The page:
I wanted to take a quick moment to say thank you. It’s certainly appropriate to do so, not only because we’re still in the Thanksgiving mood, but because, like the man who wrote the chief hymn we’ll be singing today (“Savior of the Nations Come”), Saint Ambrose once said, “No duty is more urgent than that of returning thanks.”
I’ve shared that quotation with you before. Sitting here at the church early on Thanksgiving Day morning, I took a quick stroll through previous Thanksgiving Day messages to the people of God at Our Savior in Hartland. In the note I sent last year, I shared the familiar quotation from Ambrose. Curious about its origin, I tracked it down. But before I get to that, let me continue the thread of sentiment I already started.
To the faithful here at Our Savior in Hartland—and in all the churches—you’re owed a debt of gratitude. Speaking as the pastor here, I should say that this congregation—how she operates, what she accomplishes, where she’s going—happens because of the faithful.
Now, don’t for one second think that I’m straying from our wonderful Lutheran legacy which knows to call out “Soli Deo Gloria” (to God alone be the glory)! I’m not. I’m simply doing what Saint Paul does with regularity throughout his epistles (Romans 1:8, Ephesians 1:16, 1 Corinthians 1:4, Philippians 1:3, Colossians 1:3, Philemon 1:4, 1 Thessalonians 1:2, 2 Thessalonians 2:13, and countless others). My thanksgiving to you is an acknowledgment that God has used (and continues to use) you for some pretty incredible things, all of which join to form a singular, bright beaming light of constancy streaming from this place. It pierces a shadowy world in desperate need of the Gospel. As your pastor, I thank you for your diligence in this. I owe this gratitude to you.
There’s another reason this is your due, and again, we consider Saint Ambrose. That same great Bishop of Milan wrote the words I quoted not long after the unexpected passing of his brother, Satyrus. Interestingly, if you read my Thanksgiving Day note sent out last Tuesday, you’ll see my words emerged from thoughts of my brother’s death, too. Reading most of Ambrose’s eulogy this morning, I can see he experienced the same nagging sense as me. Standing at the grave of his brother, he encounters a particular awareness. Ambrose understands that none among us knows the hour of our final moments together (Ecclesiastes 9:12). No one knows what his or her last words given or received in this mortal life will be. Will they be loving? Will they be cruel? Will they be inconsequential? Will they be thankful? Whatever they are, Ambrose acknowledges the finality of Death, and as a result, he writes something familiar to those of us who’ve lost someone close:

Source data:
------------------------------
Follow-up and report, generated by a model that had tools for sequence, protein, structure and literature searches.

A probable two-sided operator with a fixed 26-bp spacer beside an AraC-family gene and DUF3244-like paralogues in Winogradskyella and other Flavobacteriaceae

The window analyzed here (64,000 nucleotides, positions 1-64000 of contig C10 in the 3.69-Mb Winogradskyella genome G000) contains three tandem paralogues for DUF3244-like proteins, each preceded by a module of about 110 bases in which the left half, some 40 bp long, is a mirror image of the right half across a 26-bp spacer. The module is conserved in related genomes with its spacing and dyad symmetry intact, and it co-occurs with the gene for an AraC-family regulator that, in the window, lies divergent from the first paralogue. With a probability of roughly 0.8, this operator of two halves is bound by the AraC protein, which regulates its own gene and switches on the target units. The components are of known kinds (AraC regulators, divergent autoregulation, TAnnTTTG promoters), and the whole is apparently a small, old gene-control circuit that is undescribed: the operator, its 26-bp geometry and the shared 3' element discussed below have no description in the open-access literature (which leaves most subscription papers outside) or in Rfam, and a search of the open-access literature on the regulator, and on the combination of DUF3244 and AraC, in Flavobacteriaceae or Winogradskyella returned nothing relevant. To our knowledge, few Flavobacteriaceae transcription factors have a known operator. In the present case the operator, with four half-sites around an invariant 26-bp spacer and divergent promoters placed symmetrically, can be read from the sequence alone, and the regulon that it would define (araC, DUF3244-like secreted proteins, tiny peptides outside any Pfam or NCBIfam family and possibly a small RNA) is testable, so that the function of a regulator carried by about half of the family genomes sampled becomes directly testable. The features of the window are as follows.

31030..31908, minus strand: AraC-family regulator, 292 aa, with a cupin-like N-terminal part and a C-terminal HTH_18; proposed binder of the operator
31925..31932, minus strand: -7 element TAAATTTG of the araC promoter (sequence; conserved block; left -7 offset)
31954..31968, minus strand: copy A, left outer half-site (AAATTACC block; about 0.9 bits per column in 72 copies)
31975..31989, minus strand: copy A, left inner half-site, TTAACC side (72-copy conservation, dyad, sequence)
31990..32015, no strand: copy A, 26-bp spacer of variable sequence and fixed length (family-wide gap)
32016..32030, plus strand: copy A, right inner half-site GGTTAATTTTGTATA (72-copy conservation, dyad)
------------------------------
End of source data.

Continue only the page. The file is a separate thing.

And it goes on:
“To die is gain to me, who, in the very treatise in which I comfort others, am incited as it were by an intense impulse to the longing for my lost brother, since it suffers me not to forget him. Now I love him more, and long for him more intensely. I long for him when I speak, I long for him when I read again what I have written, and I think that I am more impelled to write this, that I may not ever be without the recollection of him.”
Now that Satyrus is gone, Ambrose feels the deepest sting of Death’s separating power. It makes sense, then, that he would urge the rest of us toward genuine thanksgiving in the here and now—that we would be glad to God for each other and that we would share this same tiding with the people in our lives. He calls it our duty. And we can agree, especially as we’re prompted by another sense hovering among Ambrose’s words. He knew something about his brother, something that stirred him to cry out, “You have caused me, my brother, not to fear death, and only would that my life might die with yours!”